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Granuloma Inguinale

Donovanosis

Granuloma inguinale (donovanosis) is a rare genital ulcerative bacterial infection that is usually found in tropical or subtropical areas. Klebsiella granulomatis is the bacteria responsible for granuloma inguinale.


Presentation

Repetitive exposure may be required for the infection to develop. Symptoms may not appear immediately after the exposure and it could take up to twelve weeks for the symptoms to occur after exposure to the bacteria.

Symptoms and features of the infection include small red papules or nodules on the genitals or around the anal area and sores or ulceration in the genital area. The infection may spread to the inguinal folds and may cause damage to the genital tissue, and the skin gradually wears away [6]. Color loss in the infected area may also be noticed.

Inguinal Lymphadenopathy
  • Donovanosis is a sexually transmitted infection which presents with genital ulceration and inguinal lymphadenopathy. Rarely, it presents with extra-genital manifestations.[ncbi.nlm.nih.gov]
  • In contrast to syphilitic ulcers, inguinal lymphadenopathy is generally mild or absent. Tissue biopsy and Wright-Giemsa stain are used to aid in the diagnosis. The presence of Donovan bodies in the tissue sample confirms donovanosis.[en.wikipedia.org]
  • Donovanosis ulcers bleed to the touch and are not usually associated with inguinal lymphadenopathy as with LGV and chancroid. Most regular sexual partners of infected patients have no evidence of co-existent infection with donovanosis.[dartmouth.edu]
  • Signs and Symptoms Granuloma inguinale presents with progressive painless genital ulcers without inguinal lymphadenopathy. The genital ulcers are destructive and can affect the genital organs, the groin and the perineal region.[urology-textbook.com]
  • lymphadenopathy, darkfield positive – Chancroid—more typically painful and often with inguinal lymphadenopathy – Genital warts (human papillomavirus)—rarely bleed, can be confused with verrucous GI – Penile or vulvar cancer—see below under complications[clinicaladvisor.com]
Prostitute
  • Prostituted women appear to be the usual reservoir. In Africa, chancroid is emerging as the major risk factor for acquisition of HIV-1 following heterosexual intercourse.[ncbi.nlm.nih.gov]
  • The incidence of GI is also relatively low among both prostitutes and their conjugal partners.[accessmedicine.mhmedical.com]
  • The following general measures can help prevent granuloma inguinale (and other sexually transmitted diseases): Avoidance of unsafe sex practices, such as frequently changing sex partners or having sexual intercourse with prostitutes or with partners who[merckmanuals.com]
  • There was a history of unprotected intercourse with a prostitute about 2 months prior to the eruption.[dermatology-s10.cdlib.org]
Inguinal Lesions
  • Diagnosis and management o... 099.2 Granuloma inguinale 28867007 Granuloma inguinale (disorder) 240607002 Donovanosis - inguinal lesion 240606006 Donovanosis - anogenital ulcer Presents as SC nodules or superficial blisters in the genital area that develop[5minuteconsult.com]
  • However inguinal lesions occur in only 10-15% of cases and are usually associated with concurrent genital lesions as in this case.[web.archive.org]
  • However, of the 720 cases mentioned in a Peruvian study of this disease, only 10% demonstrated inguinal lesions, usually associated with concurrent genital lesions. Other synonymies reveal clinical epidemiologic aspects of the disease.[scielo.br]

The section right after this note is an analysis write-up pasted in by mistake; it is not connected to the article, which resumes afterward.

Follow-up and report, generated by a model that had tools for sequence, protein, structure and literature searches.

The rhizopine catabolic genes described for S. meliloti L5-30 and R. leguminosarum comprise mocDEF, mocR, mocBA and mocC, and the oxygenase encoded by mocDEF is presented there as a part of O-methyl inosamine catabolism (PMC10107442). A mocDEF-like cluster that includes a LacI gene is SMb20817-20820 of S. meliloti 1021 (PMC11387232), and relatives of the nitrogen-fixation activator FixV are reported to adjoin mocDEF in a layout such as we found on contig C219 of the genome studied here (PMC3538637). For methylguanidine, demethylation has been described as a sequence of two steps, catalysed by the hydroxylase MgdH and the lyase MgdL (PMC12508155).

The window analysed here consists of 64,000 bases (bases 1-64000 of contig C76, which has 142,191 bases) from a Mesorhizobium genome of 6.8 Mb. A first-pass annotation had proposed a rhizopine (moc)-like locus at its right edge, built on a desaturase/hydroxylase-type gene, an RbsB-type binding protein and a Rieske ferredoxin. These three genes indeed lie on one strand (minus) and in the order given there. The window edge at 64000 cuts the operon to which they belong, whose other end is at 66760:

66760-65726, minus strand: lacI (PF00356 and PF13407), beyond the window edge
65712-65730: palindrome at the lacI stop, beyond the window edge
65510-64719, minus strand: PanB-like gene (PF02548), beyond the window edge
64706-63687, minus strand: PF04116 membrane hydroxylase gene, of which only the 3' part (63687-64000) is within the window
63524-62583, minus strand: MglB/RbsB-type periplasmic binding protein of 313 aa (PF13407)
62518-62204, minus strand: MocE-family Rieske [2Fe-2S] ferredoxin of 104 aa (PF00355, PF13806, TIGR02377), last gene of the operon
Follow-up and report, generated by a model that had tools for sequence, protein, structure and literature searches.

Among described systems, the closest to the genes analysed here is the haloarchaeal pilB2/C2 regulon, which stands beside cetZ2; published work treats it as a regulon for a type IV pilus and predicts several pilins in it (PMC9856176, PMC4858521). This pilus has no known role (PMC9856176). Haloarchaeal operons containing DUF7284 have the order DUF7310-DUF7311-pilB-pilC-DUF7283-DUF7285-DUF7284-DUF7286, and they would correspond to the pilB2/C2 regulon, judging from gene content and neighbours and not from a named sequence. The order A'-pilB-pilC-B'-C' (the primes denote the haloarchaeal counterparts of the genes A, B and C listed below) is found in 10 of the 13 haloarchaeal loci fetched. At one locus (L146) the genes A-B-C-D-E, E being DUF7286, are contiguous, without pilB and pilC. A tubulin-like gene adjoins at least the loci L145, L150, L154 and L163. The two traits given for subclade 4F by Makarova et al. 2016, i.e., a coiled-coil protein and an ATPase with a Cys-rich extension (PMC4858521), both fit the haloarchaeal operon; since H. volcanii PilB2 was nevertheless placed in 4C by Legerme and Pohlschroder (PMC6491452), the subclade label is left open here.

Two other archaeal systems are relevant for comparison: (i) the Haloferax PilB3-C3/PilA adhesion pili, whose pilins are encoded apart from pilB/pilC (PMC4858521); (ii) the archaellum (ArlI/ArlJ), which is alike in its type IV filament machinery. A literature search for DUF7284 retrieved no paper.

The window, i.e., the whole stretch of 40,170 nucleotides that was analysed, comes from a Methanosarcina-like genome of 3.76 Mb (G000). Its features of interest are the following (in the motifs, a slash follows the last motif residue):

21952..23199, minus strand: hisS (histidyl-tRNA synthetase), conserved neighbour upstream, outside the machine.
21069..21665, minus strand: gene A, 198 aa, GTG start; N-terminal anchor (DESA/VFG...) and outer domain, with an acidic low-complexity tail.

Inguinal Mass
  • Rinsho Geka Volume 48, Issue 8 (August 1993) 臨床外科 48巻8号 (1993年8月) Japanese English 臨床報告 鼠径部腫瘤を主訴とした木村病(軟部好酸球肉芽腫症)の1例 A case report of Kimura disease (eosinophilic granuloma of soft tissue) with the chief complaint about the inguinal mass 大澤 武 1, 平野 誠[webview.isho.jp]
Swollen Knee
  • A 41-year-old female presented with fever, a swollen knee joint and osteolytic lesions involving distal bones, and a 49-year-old male had multiple faecal fistulae in the lower abdomen with extensive involvement of pelvic organs.[ncbi.nlm.nih.gov]
Aspiration
  • A radiographically guided fine needle aspiration (FNA) of the presacral mass showed findings characteristic of granuloma inguinale.[ncbi.nlm.nih.gov]
  • Biopsy, aspirate of lesion with smear and histology. Smear of granulation tissue with microscopy (including special stains) for intracellular bacteria ( Calymmatobacterium granulomatis ), also known as 'Donovan bodies'.[rcpa.edu.au]
  • […] spread Diagnosis Made by swabbing the lesion and Giemsa staining of the air dried smear Other stains that may be used are Warthin-Starry, Gram stain, Toluidine blue and Leishman stain Recommended to acquire specimen at base or edge of ulceration or by aspirating[pathologyoutlines.com]
  • A biopsy specimen, scrapings from the base of the ulcer, or aspirated exudate can also be used. This allows direct visualization of Donovan bodies after applying Giemsa or Wright stain [ 7, 9 ].[dermatology-s10.cdlib.org]
Recurrent Abdominal Pain
  • A 63-year-old Hispanic man from Peru who recently had immigrated to the United States presented with progressive weakness, weight loss, recurrent abdominal pain and passing bright red blood per rectum. Rectal carcinoma was suspected.[ncbi.nlm.nih.gov]
Skin Ulcer
  • The doctor obtains a tissue sample either by cutting a piece of tissue from the edge of an skin ulcer with a scalpel or by taking a punch biopsy.[encyclopedia.com]
  • An accurate diagnosis of Granuloma Inguinale might involve the following procedures and exams: Complete evaluation of medical history, along with a thorough physical examination Genital examination to check for skin ulcers that are painless, likely to[dovemed.com]